Inclusive Business Practices "Pay Off" for ATM Machine Systems
COLUMBUS, OH (October 14, 2008) - AMT Machine Systems, a recognized leader in control systems engineering and product development, has teamed up with Pearl Interactive Network employee Jerry Hypes, a seasoned sales professional who happens to be blind. Thanks to Hypes' more than 35 years of experience in retail, industrial sales and manufacturing-as well as assistive technology which provides the accommodations he needs to accomplish his workload-Hypes has helped AMT Machine Systems achieve 10% of its sales goal so far, with another 15-20% of prospects in the pipeline for closing.
Hypes began working with AMT Machine Systems as an employee of Pearl Interactive Network-a business process outsourcing company that taps a workforce of people with challenges including veterans, people with disabilities, mature workers and military spouses. Hypes was referred to Pearl Interactive Network by Vision & Vocational Services, a nonprofit rehabilitation center helping people with visual and other disabilities find and maintain employment. Vision & Vocational Services' job development staff help connect people like Hypes to employment opportunities; in this case, Pearl Interactive Network's position with AMT Machine Systems.
All of Pearl Interactive Network's agents are home-based, using assistive technologies such as JAWSTM, a screen reading program, and Dragon DictateTM, speech recognition software, to communicate over the phone and Internet from offices in their homes. Says Pearl Interactive Network owner Merry Korn, "While we employ people with challenges, our agents are hired because of the skills they bring to the job."
When Joe Bioty, president of AMT Machine Systems, first met with Korn to discuss how to best position his company to reach challenging sales goals while minimizing overhead, he had no idea how beneficial it would be to hire a person with a disability. Since Hypes started working on AMT MachineSystems' accounts, Bioty has been thrilled with the results. "Due to Jerry's efforts," Bioty reports, "our financial goals are right on track. I hope my peers in the industry can realize the results and benefits we've been able to achieve."
Hypes lost his sight seven years ago due to complications from diabetes; his employer at the time had suggested Hypes start learning to enjoy retirement. Hypes was not ready to retire, but found the reception among prospective employers to be discouraging. "What I was not aware of," explained Hypes, "was the perception that most employers have. They seem to believe that the only people who can perform meaningful tasks are those who have all their functioning body parts. It took me several years to find someone who wouldn't hang up on me, throw my resume away, or have an unexpected ‘emergency' when I arrived for a scheduled interview." In fact, the National Association of People with Disabilities estimates that people with disabilities have, at best, only a 35% rate of employment; for those who are blind, this number drops to 15%.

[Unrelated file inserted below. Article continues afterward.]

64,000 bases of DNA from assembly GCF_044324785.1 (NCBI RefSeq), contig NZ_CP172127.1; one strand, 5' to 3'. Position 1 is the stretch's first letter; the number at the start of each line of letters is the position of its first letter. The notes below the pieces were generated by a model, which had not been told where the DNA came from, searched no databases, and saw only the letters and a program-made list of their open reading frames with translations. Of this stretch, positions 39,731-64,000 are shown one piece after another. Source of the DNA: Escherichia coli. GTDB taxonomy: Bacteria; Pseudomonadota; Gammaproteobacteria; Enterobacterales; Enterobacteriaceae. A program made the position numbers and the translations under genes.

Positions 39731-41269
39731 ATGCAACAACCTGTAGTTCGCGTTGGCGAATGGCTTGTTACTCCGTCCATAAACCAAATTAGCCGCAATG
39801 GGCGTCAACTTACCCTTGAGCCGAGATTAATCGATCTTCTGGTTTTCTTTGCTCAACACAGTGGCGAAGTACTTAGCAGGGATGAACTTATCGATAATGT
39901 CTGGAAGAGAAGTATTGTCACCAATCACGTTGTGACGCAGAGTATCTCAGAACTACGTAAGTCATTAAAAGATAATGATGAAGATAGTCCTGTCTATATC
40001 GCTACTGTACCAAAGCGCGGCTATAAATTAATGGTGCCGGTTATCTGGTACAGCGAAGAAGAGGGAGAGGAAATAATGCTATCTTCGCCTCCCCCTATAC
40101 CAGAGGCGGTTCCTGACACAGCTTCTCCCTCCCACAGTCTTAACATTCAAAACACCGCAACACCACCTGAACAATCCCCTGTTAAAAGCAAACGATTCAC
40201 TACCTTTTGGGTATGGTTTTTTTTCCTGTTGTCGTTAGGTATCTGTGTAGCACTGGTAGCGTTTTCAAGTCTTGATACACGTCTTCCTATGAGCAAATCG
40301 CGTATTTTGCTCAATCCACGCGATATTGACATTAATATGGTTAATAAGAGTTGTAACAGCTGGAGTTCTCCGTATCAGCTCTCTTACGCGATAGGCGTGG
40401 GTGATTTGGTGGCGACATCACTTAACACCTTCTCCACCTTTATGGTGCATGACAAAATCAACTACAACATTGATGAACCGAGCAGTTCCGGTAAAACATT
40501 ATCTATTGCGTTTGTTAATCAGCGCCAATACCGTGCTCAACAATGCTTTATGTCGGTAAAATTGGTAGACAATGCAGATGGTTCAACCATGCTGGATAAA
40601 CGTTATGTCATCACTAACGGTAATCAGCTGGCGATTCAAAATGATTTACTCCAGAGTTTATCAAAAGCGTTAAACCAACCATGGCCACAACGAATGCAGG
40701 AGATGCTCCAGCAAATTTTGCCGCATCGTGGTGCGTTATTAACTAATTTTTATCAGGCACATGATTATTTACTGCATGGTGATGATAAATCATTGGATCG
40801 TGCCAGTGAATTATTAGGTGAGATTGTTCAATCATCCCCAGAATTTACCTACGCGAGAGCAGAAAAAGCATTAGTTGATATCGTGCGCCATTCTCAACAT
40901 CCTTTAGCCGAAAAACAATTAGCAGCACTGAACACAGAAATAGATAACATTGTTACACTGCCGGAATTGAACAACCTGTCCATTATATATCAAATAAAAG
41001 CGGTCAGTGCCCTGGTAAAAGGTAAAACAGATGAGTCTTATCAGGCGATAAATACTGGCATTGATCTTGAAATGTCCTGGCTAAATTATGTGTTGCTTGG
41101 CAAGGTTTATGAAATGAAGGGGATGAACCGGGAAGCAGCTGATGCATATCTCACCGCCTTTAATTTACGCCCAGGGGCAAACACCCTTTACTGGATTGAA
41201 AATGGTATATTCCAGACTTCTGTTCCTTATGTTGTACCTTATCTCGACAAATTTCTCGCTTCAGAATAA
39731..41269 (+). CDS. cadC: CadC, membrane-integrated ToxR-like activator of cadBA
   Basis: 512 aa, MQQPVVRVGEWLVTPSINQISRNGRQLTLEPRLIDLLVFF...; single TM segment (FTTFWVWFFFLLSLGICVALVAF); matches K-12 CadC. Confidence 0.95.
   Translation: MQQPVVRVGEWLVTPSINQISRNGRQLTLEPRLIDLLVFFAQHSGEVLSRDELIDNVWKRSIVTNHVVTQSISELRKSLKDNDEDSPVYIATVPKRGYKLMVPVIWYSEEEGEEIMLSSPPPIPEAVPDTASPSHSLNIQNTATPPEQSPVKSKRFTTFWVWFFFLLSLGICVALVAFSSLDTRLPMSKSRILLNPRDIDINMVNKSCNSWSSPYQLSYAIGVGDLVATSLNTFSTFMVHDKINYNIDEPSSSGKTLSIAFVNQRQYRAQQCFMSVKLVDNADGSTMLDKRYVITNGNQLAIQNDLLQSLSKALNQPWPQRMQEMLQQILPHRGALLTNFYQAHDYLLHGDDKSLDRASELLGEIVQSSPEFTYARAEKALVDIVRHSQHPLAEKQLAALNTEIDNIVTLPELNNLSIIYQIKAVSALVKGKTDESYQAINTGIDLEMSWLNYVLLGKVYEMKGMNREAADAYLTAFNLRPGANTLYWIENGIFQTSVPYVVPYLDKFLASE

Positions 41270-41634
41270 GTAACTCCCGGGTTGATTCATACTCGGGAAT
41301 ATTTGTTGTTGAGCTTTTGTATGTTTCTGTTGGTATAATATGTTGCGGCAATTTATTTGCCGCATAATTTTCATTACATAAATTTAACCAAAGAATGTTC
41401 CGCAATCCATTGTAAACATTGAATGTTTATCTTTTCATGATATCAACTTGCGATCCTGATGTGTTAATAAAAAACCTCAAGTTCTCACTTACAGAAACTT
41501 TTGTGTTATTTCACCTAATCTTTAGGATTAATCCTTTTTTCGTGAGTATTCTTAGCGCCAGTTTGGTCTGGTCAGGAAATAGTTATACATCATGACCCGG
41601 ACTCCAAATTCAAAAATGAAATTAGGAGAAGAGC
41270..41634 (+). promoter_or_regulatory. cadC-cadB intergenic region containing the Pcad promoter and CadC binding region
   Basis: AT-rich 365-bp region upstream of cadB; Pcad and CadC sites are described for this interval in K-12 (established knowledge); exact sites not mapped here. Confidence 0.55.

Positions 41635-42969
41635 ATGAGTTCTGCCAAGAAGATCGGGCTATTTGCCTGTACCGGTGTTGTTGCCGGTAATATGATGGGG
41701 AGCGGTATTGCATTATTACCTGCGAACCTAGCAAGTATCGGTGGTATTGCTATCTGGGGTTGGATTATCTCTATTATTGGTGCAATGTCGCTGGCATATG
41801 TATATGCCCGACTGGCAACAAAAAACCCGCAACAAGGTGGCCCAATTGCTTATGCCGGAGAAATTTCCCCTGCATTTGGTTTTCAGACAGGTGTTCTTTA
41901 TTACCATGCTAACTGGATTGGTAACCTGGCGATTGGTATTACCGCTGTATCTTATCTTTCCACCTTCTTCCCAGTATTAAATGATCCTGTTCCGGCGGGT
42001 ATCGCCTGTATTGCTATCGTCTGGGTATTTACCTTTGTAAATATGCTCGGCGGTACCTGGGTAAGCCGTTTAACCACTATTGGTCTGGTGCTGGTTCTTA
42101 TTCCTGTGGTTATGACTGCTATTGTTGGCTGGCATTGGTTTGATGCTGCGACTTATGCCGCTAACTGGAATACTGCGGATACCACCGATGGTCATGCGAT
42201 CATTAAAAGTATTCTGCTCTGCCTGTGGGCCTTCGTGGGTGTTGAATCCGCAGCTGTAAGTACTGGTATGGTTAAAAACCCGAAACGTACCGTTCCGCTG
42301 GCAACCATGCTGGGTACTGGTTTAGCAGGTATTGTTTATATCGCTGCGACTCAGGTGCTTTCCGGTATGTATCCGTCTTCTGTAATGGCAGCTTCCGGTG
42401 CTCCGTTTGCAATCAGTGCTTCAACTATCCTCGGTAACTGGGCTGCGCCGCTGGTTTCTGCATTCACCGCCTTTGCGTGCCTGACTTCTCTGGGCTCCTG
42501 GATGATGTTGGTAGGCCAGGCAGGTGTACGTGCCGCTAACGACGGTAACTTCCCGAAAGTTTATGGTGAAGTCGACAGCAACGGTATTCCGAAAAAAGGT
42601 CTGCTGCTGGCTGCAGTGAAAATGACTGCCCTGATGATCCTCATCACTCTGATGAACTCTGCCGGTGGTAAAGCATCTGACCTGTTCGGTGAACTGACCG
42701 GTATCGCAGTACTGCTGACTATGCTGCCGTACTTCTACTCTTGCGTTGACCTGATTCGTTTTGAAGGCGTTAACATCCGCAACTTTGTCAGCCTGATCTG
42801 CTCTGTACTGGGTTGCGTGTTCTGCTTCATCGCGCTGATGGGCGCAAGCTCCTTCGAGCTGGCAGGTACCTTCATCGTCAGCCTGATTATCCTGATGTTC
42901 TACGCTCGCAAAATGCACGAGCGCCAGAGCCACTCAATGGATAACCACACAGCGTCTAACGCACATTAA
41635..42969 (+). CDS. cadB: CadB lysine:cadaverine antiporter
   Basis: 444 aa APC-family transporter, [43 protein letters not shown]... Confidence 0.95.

Frustrated, Hypes contacted a counselor at the Ohio Rehabilitation Services Commission who referred him to Vision & Vocational Services, where a job developer connected Hypes to Pearl Interactive Network, as well as the technology he would need to get started. The rest, as they say, is history. "AMT Machine Systems, Pearl Interactive Network and Vision & Vocational Services gave me the opportunity to use assistive technology to do my job. The satisfaction I feel now is difficult to put into words. I feel like a useful person again."
AMT Machine Systems is grateful to have played a part in Hypes' success. Says company president Bioty, "Our company is ecstatic, not just with Jerry's results for our business, but with the fact that we provided an opportunity for this experienced, deserving individual."
AMT Machine Systems Inc., a privately held Ohio company and a leading provider of motion control equipment, is an established developer, innovator and manufacturer of simplified embedded robotic components and systems for a $28 billion automation industry.